The Game of Silence
|Series||"The Birchbark Series"|
|Awards||Scott O'Dell Award (2006)|
|Preceded by||The Birchbark House (1999)|
|Followed by||The Porcupine Year (2008)|
The Game of Silence is a 2005 novel by Louise Erdrich. It is the second novel in "The Birchbark" series that began with The Birchbark House. The two novels both feature the family of the Ojibwe girl Omakayas.
The story picks up from the previous novel in 1850, when Omakayas is 9 years old and with the arrival of a group of Ojibwe refugees who have been driven off their land by the government. The title refers to the "game" that the elders use to keep the children quiet when the adults are having serious conversations, in this case, discussions with the refugees about how to interpret the government's actions and how to respond. The elders send four men on a year-long quest to uncover the causes of the government's hostility, only to learn that the answer is government rapacity and complete disregard for the Indians' rights. The story ends with Omakayas' people having to leave their home for new land out west.
Meanwhile, Omakayas is growing up and learning to control her spiritual gifts, including healing and communicating with the spirits, and learning the values of her community, such as that her gifts are to be used to help others, that individualism and the group can co-exist, and that it is better to patiently work with the white people rather than resist and lose their lives.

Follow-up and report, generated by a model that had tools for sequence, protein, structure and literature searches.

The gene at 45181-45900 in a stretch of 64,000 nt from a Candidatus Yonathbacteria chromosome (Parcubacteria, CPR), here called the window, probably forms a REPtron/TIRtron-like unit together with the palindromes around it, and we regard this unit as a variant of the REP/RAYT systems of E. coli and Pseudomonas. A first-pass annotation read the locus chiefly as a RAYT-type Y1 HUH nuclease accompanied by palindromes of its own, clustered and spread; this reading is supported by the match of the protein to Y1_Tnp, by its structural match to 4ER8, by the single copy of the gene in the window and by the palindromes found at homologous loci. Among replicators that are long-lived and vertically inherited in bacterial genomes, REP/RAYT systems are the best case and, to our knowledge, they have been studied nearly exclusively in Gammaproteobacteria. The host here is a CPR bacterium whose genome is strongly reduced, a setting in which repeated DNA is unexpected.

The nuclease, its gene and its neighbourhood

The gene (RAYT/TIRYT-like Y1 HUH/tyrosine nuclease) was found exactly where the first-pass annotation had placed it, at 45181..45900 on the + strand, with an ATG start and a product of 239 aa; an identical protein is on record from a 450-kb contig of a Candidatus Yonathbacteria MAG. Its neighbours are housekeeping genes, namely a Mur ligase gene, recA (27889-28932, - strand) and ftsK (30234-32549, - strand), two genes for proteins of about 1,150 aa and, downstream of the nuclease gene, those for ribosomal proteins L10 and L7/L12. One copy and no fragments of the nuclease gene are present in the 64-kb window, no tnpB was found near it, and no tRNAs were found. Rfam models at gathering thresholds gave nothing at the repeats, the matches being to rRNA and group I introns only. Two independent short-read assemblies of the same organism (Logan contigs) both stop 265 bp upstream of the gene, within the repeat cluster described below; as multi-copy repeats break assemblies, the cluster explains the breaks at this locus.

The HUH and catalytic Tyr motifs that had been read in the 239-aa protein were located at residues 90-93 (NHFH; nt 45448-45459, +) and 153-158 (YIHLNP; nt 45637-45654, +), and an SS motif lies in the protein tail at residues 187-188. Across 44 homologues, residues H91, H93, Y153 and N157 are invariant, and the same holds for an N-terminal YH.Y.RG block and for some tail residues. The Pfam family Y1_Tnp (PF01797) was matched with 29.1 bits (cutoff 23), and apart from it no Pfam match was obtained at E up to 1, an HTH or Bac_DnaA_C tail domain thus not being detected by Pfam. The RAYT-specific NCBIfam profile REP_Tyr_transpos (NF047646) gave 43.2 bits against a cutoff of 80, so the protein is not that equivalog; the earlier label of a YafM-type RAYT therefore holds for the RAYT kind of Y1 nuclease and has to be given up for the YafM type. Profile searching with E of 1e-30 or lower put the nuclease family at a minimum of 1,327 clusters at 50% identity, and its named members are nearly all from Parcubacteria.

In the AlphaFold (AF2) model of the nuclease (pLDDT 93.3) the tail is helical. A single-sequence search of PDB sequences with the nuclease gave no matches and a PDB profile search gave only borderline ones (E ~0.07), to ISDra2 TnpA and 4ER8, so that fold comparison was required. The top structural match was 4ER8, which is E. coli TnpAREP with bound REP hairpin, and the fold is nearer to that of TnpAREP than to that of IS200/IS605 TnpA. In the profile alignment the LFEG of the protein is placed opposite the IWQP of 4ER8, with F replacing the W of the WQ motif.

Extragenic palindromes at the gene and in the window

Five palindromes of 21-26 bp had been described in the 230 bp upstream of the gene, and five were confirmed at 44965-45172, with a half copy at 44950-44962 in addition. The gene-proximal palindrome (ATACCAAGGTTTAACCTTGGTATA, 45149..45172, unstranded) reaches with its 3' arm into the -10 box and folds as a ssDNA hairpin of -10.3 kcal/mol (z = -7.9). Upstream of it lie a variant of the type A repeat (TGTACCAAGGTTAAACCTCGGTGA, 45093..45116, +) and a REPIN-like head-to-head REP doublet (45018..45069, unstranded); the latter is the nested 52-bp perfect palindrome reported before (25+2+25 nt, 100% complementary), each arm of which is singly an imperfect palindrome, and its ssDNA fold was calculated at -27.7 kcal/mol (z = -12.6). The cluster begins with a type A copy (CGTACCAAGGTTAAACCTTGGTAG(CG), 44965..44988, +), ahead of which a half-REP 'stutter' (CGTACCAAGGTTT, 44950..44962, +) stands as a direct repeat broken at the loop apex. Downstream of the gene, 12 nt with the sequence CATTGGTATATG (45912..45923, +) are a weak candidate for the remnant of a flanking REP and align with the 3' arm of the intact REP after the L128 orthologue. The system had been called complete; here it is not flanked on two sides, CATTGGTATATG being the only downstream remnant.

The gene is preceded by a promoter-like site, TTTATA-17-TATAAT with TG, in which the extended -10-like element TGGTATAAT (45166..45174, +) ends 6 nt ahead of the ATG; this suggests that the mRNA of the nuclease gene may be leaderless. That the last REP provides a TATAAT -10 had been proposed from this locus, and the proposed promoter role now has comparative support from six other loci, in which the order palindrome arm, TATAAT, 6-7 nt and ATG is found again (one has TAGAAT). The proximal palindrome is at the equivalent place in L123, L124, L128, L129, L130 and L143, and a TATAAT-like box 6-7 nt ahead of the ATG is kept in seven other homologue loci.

- ALA Booklist Editors’ Choice Winner
- ALA Notable Children’s Book Winner
- Horn Book Fanfare Winner
- Kirkus Reviews Editors’ Choice Winner
- New York Times Notable Winner
- Scott O'Dell Award for Historical Fiction Winner
- "2009 National Book Awards Winners and Finalists, The National Book Foundation". Nationalbook.org. Retrieved 2013-10-05.
- "The Game of Silence". HarperCollins.com. Retrieved 6 September 2014.
- MacLeod, Anne Scott (19 June 2005). "The Game of Silence". New York Times. Retrieved 6 September 2014.
- "Horn Book Fanfare: Best Books of 2005". HBook.com. The Horn Book. Retrieved 6 September 2014.